Bunnell and Flagler Beach will each receive $500,000 for pollution-reducing sewer-pipe improvements thanks to a pair of grants from the St. Johns River Water Management District Governing Board. The district board approved the two grants at its monthly meeting in Palatka earlier today.
The Flagler Beach project will add slip-ling within 4.3 miles of existing clay pipe in the city’s sewer system. The project is estimated to reduce annual “nutrient loading” dumping in the Intracoastal Waterway by approximately 540 pounds of total nitrogen and 440 pounds of total phosphorus. Project cost is $500,000.
“Slip lining is the process of adding an impervious barrier inside existing sewer lines,” Flagler Beach City Commissioner Rick Belhumeur said. “In many areas there is stormwater intrusion into the existing pipes (especially the older clay pipe) thereby adding to the volume that gets processed at the wastewater treatment plant. I would hope that this grant money will lighten the (monetary) load on the paying utility customers and help minimize the size of imminent requests by staff for rate increases during future budget sessions.”
The Bunnell project will add slip-lining in nearly three miles of existing clay pipe in the city’s ageing sewer system. The project is expected to reduce annual nutrient loading to Black Branch Creek and Haw Creek by approximately 200 pounds of total nitrogen and 30 pounds of total phosphorus.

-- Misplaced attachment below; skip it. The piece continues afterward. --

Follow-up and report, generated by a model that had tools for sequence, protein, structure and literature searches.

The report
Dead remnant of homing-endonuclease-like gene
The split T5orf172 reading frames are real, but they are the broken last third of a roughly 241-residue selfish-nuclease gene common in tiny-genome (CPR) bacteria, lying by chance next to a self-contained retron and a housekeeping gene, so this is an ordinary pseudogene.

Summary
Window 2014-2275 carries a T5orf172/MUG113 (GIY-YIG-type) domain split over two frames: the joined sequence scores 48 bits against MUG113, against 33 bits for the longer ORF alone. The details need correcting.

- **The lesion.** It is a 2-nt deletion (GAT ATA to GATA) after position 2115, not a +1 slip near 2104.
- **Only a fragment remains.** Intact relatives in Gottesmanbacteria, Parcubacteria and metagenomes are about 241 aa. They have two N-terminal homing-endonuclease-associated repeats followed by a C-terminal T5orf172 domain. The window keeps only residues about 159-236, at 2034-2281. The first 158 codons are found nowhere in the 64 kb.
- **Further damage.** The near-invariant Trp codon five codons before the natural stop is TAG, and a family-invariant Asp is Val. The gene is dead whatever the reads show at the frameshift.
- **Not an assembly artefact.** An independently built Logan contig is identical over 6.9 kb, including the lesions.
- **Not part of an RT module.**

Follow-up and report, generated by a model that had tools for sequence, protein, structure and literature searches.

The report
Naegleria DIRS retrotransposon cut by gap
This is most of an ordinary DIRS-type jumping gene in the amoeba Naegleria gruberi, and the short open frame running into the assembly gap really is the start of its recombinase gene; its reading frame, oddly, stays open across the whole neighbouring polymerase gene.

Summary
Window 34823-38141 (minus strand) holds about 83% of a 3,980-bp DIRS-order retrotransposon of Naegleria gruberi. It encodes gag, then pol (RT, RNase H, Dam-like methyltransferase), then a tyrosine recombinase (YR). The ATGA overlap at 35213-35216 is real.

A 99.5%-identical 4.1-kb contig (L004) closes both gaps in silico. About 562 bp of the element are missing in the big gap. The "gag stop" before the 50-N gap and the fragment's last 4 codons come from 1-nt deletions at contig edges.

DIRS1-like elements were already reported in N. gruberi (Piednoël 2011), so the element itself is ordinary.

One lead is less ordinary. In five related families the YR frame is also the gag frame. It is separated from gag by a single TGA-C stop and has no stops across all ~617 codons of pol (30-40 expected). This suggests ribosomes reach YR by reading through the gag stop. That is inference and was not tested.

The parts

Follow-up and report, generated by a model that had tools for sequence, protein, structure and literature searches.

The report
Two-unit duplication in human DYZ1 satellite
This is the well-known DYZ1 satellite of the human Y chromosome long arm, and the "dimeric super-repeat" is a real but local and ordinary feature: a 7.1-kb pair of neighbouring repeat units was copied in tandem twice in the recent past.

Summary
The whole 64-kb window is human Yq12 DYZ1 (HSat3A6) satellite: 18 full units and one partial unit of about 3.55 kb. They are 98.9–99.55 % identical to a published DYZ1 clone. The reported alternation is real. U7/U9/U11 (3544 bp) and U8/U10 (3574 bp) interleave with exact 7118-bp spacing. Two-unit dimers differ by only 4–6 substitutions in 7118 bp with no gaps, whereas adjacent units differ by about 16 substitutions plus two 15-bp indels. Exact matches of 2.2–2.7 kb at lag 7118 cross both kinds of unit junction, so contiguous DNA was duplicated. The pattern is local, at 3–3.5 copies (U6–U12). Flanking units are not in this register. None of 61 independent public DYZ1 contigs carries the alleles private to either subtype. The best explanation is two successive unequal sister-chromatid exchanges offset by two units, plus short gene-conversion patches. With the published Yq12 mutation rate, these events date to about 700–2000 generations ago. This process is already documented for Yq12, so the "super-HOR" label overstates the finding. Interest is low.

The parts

The cities are receiving funding from the annual cost-share program for Rural Economic Development Initiative communities, and for projects that use innovative technology that would help future permitting and implementation of alternative water supplies.
The grants target economically disadvantaged communities and communities willing to innovate. One of the criteria for the grant is past performance: applicants get point deductions for a history of poor performance in delivering cost-share projects, if they’ve shown themselves unable to stay on schedule or stay within budget, or if they haven’t submitted timely reports and invoices.
Bunnell and Flagler Beach were among eight applicants, seven of them considered disadvantaged communities, just one considered innovative–and that one was withdrawn. No applicants were assessed a deduction.
“I’m looking forward to partnering on two important projects that will help improve and protect water resources in these communities,” said St. Johns River Water Management District Executive Director Ann Shortelle. “Together we can do great things.”
The district’s cost-share program seeks to partner on projects that benefit one or more of the district’s core missions of water supply, water quality, natural systems restoration or flood protection.
Watch Slip-Lining In Action: